NEW YORK/LONDON (Reuters) - Gold prices were flat on Wednesday, but dipped slightly after the U.S. Federal Reserve said it would keep interest rates the same, but expected inflation to rise this year.
On Fed Chair Janet Yellen’s last policy meeting as head of the central bank, the Fed left interest rates unchanged. But its message on inflation signalled it was on track to raise borrowing costs in March under incoming chief Jerome Powell.
Inflation worries generally boost gold, which is seen as a safe haven against rising prices. But expectations that the Fed will raise interest rates to fight inflation make gold less attractive because it does not pay interest.
“Inflation on a 12-month basis is expected to move up this year and to stabilize” around the U.S. central bank’s 2 percent target over the medium term, the Fed said in a statement following the two-day meeting.
Spot gold edged down 0.07 percent at $1,337.20 by 2:41 p.m. EST (1941 GMT), hitting a one-week low, while U.S. gold futures for February delivery settled up $3.60, or 0.3 percent, at $1,339.
The U.S. dollar turned positive after the Fed statement. A stronger dollar pressures commodities priced in the currency, making them more expensive for buyers using other currencies. [FRX/] [USD/]
But, “as expected, even though they said the near-term risk to economic outlook looked balanced, they’re clearly setting he stage for a March rate increase and trying to send a message to the market to expect three or so (rate hikes) in 2018,” said Trey Reik, senior portfolio manager at Sprott Asset Management USA.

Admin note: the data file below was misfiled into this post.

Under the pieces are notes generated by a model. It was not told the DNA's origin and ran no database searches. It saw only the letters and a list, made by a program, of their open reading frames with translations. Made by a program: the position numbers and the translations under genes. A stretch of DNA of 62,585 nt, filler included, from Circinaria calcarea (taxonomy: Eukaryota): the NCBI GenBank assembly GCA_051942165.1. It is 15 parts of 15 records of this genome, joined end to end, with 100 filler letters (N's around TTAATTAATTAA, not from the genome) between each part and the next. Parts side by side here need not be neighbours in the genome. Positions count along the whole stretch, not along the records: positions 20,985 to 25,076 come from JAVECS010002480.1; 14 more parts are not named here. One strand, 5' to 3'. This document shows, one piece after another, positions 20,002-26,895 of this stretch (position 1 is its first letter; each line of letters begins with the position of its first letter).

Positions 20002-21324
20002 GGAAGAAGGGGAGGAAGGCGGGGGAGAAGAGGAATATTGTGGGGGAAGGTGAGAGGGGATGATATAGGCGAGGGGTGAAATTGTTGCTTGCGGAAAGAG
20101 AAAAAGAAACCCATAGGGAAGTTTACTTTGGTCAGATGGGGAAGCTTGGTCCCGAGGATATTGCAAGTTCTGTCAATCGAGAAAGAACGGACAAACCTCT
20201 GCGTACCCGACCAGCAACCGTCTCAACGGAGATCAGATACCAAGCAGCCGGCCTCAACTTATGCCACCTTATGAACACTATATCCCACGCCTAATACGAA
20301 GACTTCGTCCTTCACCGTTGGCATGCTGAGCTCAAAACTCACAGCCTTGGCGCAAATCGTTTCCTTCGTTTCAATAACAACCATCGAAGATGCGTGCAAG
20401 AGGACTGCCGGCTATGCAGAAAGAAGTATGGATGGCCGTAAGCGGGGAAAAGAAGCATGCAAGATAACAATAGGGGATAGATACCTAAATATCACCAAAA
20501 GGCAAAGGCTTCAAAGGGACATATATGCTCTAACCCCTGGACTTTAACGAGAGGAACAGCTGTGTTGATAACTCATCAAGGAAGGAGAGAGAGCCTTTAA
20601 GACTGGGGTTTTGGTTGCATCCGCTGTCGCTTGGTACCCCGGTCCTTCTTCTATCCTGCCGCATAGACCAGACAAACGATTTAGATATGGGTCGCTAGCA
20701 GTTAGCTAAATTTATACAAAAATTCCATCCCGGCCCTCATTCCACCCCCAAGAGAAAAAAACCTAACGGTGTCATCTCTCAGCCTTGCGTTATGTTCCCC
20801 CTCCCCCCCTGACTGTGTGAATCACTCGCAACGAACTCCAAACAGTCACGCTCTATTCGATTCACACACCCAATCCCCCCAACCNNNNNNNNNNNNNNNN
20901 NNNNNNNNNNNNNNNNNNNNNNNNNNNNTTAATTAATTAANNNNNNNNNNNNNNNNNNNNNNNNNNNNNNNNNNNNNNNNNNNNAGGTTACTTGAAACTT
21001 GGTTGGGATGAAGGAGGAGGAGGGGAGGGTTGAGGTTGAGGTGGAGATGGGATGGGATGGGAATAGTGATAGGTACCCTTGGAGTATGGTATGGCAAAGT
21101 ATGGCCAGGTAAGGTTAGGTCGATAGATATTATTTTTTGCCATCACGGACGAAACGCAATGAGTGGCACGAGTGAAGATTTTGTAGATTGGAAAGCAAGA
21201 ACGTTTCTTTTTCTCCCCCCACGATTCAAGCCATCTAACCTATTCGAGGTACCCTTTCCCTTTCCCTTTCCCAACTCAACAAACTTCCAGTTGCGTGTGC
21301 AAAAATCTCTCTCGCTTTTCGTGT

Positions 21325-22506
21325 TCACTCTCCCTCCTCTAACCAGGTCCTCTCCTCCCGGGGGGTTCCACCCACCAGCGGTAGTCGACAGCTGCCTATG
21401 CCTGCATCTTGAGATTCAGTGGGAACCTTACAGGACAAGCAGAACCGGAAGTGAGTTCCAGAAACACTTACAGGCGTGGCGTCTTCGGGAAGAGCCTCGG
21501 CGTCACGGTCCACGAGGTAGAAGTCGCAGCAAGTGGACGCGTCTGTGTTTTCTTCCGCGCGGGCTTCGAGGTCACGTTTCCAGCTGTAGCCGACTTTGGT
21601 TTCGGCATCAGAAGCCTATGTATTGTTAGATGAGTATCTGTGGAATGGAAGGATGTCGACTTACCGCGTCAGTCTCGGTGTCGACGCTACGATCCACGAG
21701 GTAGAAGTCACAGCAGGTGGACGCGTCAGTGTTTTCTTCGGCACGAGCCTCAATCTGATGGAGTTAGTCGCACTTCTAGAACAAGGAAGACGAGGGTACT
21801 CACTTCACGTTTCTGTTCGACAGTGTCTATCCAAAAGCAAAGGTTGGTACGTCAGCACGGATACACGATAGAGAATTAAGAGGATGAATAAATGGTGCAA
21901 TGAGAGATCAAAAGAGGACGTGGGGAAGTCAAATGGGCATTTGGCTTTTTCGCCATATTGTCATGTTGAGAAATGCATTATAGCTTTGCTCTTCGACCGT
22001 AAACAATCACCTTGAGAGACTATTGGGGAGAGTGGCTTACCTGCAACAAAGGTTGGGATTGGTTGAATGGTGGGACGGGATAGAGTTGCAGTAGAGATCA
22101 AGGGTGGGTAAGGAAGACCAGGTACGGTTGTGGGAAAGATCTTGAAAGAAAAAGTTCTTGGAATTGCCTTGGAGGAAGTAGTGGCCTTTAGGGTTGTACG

“Their confidence comes from the fact that there are signs that we’re having this synchronized growth acceleration.”
Gold prices, which have been boosted by a weaker dollar, headed for a third consecutive monthly gain in January, up 2.6 percent, the biggest monthly increase since August 2017.
In other precious metals, silver climbed 0.4 percent at $17.20 an ounce after hitting a one-week low of $17.03.
Palladium shed 2.7 percent at $1,026 an ounce, hitting a fresh five-week low after a 55 percent gain in 2017. Despite rocketing earlier in January up to the highest since records dating back to 1990, spot palladium was on track to close the month down 3.3 percent, its weakest monthly performance since December 2016.
Platinum dipped 0.1 percent at $995.20 per ounce. It is up about 8 percent for the month. It hit a one-week low in the previous session.
Additional reporting by Marcy Nicholson in New York, Nithin Prasad and Nallur Sethuraman in Bengaluru; Editing by Alison Williams and David Gregorio
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